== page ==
Topics: Occupational therapy, Homelessness, Occupational science Pages: 5 (1747 words) Published: October 30, 2013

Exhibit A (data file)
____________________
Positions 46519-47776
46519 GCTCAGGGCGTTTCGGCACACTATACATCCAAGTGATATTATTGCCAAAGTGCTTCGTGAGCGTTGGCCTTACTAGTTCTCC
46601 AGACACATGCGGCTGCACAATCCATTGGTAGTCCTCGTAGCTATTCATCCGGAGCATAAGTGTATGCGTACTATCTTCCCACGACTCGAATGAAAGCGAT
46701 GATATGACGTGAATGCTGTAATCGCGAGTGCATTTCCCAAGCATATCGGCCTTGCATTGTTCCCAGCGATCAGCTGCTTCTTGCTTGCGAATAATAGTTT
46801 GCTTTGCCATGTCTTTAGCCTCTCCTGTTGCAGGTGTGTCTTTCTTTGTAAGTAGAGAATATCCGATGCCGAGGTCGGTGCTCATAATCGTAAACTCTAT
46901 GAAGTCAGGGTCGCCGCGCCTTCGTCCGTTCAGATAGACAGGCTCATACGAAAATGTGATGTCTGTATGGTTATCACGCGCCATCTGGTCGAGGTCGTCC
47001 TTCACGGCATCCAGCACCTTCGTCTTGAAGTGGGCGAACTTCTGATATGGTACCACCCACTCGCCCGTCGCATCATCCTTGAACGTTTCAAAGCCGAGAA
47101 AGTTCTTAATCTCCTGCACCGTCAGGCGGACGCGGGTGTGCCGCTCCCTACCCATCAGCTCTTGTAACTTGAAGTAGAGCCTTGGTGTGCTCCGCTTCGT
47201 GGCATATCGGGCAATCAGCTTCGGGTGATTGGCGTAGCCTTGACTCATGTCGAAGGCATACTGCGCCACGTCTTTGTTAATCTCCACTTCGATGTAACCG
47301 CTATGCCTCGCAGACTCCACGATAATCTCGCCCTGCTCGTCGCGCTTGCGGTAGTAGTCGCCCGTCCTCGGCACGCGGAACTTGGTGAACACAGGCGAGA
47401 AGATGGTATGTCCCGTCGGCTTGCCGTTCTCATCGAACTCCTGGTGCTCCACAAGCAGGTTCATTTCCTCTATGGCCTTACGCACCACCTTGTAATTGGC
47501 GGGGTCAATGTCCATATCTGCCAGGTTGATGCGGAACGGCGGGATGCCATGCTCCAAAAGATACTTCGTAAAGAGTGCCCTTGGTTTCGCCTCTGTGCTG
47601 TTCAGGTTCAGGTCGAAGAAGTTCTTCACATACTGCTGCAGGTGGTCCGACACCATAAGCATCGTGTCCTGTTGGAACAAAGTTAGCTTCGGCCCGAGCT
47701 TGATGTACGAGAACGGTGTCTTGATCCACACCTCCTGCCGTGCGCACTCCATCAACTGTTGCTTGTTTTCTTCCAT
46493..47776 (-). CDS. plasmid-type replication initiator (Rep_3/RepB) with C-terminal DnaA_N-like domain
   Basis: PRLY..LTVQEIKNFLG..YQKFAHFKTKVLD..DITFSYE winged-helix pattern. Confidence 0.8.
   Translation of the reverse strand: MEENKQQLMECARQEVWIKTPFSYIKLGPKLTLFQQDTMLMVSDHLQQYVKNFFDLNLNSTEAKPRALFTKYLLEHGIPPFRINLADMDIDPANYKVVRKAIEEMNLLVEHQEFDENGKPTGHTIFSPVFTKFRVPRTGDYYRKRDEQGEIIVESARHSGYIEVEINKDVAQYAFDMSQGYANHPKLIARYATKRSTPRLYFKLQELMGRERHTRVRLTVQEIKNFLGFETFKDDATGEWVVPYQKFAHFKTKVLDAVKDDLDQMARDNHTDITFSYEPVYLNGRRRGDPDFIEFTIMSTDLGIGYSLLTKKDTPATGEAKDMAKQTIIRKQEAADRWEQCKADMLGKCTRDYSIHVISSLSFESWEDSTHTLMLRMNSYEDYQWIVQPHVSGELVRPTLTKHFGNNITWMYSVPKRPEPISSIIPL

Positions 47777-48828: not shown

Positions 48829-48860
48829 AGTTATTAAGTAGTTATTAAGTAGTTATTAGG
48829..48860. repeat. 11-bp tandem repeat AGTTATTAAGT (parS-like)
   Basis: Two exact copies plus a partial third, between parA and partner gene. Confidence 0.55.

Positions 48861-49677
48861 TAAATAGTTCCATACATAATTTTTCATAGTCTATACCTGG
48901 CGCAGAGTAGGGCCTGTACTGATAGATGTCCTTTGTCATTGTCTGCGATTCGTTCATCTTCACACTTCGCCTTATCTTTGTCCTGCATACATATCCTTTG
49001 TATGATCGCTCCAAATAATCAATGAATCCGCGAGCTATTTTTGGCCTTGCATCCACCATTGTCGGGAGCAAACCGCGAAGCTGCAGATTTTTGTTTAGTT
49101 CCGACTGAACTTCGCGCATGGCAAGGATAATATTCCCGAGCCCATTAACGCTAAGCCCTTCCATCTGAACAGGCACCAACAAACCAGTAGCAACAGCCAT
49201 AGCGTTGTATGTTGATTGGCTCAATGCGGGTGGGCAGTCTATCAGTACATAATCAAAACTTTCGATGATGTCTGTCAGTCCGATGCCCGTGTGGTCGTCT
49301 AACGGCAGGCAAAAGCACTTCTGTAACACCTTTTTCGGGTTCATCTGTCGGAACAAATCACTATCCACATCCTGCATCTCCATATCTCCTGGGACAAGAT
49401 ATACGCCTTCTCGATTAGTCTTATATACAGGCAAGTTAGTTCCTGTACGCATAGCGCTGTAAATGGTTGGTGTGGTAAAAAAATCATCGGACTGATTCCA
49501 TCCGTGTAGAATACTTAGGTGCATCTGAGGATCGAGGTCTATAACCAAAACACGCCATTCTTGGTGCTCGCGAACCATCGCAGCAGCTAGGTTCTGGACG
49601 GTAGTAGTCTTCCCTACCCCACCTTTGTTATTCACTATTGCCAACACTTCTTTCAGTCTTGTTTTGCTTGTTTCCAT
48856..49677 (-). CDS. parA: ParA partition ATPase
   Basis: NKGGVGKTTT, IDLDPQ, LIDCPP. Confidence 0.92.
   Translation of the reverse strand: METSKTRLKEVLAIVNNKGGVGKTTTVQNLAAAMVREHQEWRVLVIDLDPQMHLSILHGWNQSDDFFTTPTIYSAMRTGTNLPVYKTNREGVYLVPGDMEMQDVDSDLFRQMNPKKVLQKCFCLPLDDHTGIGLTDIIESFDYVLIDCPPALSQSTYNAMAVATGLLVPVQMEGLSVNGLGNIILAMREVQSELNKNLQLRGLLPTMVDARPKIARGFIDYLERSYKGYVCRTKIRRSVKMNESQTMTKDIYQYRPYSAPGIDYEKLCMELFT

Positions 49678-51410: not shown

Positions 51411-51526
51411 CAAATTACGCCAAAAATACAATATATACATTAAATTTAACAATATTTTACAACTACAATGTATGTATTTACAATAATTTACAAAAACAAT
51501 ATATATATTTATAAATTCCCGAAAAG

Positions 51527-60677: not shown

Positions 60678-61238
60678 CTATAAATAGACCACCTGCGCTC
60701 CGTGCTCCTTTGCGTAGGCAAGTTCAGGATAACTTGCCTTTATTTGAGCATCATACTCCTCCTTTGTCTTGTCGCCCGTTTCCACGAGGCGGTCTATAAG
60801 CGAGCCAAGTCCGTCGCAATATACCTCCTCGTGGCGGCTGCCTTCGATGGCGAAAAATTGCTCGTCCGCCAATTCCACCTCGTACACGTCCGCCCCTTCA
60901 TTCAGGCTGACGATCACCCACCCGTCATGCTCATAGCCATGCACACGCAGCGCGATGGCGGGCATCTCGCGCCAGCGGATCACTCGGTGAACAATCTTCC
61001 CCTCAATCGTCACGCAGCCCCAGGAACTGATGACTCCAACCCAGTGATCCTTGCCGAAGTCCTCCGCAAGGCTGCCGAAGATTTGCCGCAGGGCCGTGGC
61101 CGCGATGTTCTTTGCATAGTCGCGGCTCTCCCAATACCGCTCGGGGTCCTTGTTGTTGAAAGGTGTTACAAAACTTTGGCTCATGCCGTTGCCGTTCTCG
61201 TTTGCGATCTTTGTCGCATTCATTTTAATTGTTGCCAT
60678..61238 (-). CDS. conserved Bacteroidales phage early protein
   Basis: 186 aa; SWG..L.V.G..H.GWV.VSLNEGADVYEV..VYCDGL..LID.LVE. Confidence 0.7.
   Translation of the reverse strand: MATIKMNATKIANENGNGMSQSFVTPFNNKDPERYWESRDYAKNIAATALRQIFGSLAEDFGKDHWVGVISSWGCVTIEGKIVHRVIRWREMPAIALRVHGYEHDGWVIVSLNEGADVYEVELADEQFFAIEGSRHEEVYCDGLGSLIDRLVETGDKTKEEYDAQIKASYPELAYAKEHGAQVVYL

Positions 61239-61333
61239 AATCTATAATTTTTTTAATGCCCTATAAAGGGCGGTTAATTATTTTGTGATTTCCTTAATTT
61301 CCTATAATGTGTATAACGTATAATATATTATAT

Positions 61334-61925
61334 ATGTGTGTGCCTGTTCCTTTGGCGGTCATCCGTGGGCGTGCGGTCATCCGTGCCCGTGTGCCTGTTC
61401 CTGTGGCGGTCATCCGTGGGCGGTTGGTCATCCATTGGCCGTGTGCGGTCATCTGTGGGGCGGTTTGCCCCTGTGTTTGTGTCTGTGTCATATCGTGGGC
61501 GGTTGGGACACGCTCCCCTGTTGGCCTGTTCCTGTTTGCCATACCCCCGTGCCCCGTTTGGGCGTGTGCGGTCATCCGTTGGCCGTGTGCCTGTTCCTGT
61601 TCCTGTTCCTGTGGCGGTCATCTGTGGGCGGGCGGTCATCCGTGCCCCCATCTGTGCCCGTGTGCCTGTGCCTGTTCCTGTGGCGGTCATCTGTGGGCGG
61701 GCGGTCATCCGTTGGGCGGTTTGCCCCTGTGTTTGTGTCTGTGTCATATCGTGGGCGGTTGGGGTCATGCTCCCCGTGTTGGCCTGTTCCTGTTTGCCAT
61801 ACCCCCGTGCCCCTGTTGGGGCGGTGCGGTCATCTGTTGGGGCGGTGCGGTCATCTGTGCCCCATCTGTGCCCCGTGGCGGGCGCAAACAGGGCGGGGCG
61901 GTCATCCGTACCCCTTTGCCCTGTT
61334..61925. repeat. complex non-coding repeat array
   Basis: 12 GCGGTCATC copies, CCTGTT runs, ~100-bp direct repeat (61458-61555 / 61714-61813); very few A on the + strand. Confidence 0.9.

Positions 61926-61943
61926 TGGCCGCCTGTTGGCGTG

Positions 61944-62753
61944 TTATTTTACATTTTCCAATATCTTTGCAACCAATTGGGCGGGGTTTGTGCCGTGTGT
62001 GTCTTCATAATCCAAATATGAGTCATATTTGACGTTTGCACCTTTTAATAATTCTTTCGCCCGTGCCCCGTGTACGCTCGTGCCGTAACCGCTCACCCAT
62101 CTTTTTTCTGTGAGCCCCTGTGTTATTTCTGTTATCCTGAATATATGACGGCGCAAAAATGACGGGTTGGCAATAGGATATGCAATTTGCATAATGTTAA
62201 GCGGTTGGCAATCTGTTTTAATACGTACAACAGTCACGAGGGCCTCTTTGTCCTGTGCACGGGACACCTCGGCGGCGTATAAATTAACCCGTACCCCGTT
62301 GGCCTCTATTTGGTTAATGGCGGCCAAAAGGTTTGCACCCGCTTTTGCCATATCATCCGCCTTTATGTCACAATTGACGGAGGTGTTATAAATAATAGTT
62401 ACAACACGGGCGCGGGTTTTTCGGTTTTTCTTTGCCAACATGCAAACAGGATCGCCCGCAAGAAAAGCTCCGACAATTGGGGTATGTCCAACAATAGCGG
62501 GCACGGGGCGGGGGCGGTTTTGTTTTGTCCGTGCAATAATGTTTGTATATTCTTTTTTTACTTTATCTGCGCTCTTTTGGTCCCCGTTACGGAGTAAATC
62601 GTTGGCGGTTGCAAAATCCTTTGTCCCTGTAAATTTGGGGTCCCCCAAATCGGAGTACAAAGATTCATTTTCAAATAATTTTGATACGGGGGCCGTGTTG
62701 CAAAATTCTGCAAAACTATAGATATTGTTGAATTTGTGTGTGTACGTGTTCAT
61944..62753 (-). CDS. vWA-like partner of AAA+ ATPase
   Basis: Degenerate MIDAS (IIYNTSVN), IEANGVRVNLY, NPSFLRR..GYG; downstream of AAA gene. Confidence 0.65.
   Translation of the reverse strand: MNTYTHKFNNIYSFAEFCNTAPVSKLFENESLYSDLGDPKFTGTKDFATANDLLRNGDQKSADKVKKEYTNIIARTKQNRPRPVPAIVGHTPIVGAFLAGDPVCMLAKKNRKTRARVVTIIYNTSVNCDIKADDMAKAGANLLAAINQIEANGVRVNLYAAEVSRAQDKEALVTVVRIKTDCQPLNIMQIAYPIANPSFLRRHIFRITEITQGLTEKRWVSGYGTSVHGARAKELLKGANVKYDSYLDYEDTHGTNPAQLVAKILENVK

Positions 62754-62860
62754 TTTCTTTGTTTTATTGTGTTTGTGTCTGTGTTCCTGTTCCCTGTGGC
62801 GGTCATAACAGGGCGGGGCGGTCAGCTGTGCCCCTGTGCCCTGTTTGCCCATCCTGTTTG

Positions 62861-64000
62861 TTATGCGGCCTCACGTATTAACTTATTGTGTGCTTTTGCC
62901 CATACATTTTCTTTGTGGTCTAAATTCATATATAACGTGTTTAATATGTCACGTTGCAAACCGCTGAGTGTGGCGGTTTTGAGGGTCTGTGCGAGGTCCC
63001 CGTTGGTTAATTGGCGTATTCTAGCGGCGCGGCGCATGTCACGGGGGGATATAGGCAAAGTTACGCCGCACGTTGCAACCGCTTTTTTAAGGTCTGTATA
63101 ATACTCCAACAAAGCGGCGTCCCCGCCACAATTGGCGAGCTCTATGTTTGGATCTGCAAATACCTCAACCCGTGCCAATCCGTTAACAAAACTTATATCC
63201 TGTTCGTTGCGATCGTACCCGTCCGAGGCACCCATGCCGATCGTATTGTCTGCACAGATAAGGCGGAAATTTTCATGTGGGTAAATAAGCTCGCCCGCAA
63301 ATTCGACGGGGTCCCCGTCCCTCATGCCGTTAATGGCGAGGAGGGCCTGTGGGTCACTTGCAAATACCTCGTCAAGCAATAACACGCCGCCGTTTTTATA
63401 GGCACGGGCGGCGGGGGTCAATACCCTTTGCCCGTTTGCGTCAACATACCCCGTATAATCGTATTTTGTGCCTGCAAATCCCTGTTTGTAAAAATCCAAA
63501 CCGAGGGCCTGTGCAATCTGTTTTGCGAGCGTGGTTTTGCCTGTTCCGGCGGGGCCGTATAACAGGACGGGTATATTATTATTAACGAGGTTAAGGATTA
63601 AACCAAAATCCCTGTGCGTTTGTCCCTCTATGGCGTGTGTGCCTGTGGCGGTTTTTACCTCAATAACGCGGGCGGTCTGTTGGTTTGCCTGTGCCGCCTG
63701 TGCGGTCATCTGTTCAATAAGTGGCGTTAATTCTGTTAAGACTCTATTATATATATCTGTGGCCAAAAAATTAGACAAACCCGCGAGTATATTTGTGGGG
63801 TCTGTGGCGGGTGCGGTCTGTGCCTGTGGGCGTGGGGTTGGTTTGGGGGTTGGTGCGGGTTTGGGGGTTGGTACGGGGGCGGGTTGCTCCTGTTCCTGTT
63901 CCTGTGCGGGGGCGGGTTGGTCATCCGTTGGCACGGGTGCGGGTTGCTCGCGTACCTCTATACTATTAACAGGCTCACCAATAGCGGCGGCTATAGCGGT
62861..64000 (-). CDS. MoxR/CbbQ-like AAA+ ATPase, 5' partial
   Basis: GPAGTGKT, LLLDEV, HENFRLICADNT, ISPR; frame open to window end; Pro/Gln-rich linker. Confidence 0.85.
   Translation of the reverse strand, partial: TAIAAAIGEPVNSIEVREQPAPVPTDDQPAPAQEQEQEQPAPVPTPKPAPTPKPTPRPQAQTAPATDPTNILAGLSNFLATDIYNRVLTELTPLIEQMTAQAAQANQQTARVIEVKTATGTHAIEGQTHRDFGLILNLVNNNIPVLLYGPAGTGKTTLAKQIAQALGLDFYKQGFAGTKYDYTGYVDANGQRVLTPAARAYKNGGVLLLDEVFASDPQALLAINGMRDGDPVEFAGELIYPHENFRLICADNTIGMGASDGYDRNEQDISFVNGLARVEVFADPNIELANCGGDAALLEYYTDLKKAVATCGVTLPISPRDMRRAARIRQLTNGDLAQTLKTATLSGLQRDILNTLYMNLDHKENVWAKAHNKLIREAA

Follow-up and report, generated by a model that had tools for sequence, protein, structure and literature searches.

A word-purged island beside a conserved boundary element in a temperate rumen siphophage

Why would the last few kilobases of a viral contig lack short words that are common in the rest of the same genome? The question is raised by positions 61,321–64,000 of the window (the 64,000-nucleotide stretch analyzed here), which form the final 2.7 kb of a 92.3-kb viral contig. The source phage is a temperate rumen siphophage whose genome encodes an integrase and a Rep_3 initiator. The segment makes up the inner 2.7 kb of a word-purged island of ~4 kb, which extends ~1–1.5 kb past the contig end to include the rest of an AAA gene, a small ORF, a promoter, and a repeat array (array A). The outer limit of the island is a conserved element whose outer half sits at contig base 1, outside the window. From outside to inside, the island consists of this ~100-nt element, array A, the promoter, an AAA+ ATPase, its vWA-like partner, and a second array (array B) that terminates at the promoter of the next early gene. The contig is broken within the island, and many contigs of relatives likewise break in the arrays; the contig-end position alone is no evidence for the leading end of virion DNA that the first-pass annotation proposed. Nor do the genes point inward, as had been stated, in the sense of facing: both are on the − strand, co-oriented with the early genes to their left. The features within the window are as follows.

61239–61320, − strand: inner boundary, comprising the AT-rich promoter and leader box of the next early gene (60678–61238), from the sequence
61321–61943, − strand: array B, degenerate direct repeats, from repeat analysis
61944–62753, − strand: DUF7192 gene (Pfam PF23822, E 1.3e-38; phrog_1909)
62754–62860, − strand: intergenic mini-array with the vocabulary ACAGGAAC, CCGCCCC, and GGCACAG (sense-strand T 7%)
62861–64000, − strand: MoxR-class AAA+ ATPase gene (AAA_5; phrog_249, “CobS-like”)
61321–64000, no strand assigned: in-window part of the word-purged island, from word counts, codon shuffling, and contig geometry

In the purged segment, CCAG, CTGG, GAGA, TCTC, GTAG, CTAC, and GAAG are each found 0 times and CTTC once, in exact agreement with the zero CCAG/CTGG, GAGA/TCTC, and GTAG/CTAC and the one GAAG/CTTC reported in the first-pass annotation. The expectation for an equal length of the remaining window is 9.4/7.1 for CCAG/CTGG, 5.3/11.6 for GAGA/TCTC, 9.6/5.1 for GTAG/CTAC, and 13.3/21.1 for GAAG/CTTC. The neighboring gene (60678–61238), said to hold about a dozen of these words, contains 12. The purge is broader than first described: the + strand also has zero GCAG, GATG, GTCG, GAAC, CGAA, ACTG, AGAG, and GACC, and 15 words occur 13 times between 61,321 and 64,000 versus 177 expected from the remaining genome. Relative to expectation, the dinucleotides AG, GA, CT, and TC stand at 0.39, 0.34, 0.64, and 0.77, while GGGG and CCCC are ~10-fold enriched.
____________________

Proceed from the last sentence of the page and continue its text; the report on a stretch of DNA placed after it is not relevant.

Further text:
The homeless stand down was an eye-opener experience for me. I had the opportunity to interact with several individuals, and one family. Initially I conducted some interviews with them to help complete the questionnaire; and the remainder of the time, I escorted the individuals and helped them choose items that were necessary for them. As I talked to each of them, I realized that the present state of these individuals were a product of the current economic situations. According to the National Homeless Coalition (2009), work factors are one of the many reasons why individuals are homeless. One of the individuals that I spoke to informed me that he was working a regular nine to five job at a construction site, but now due to the economy he is only working a couple of shifts and even those shifts are inconsistent. The information provided by the National Homeless Coalition (2009) regarding “why are people homeless” confirmed my notion that the increasing struggles in our economy has resulted in an increase in homelessness. The surprising factor that I neglected to visualize was the impact it had on children and families. When people think about the homeless, they often envision older adults on the streets. It is too painful to imagine that children are on the streets without food, water, or shelter. One family that I had the chance to work together with was with a mother and her three children. She had two daughters, ages 11 and 9 and a boy who was 2 years old. She is currently without a job and lives with her mother temporarily. She is one of the fortunate ones that have family members supporting her, but there were other stories of families living in cars and streets because of no support. The decline in jobs, low-income, and rising cost of homes and healthcare are all factors that lead to an increase in homelessness (National Homeless Coalition, 2009). The risk of individual who may currently have a home, but are at the brink of homelessness is high. It is often easier to ignore people who are homeless or even ignore that homelessness exists in our society because it is easier for society to blame the individual rather than society itself. It is important to advocate for those who are not able speak up for themselves. The article by the National Homeless Coalition (2009) states that there is a decline in public assistance for individuals who are homeless; therefore it is integral that we as a society seek assistance for these individuals and help promote awareness of the rise in homelessness. Individuals who are homeless or at risk for becoming homeless may experience various occupational issues, such as the following examples, but are not limited to these: difficulties maintaining a job, transportation, and emotional or regulation skills. According to the American Occupational Therapy Association (AOTA) (2008), work is an area of occupation and defined as “activities needed for engaging in remunerative employment or volunteer activities.” Individuals that are homeless have difficulty in obtaining a job due to a deficiency in certain skills sets. Other problems regarding work opportunity is the lack of trust employers may have regarding individuals who are homeless. Society often views people who are homeless lower than themselves and often disregard their talents and needs. People fail to inquire about where they came from and what elements in life caused them to become homeless. Another concern that individuals that are homeless may endure is a lack of transportation. This problem falls under the occupation areas of instrumental activities of daily living (AOTA, 2008). Individuals succumbed to homelessness do not have the means to go to one place from another. Individuals at the stand down stated that they have difficulty attending scheduled appointments, such as doctor’s visits, due to lack of transportation. Often times, individuals are left with panhandling for assistance for bus fares. These individuals do not...
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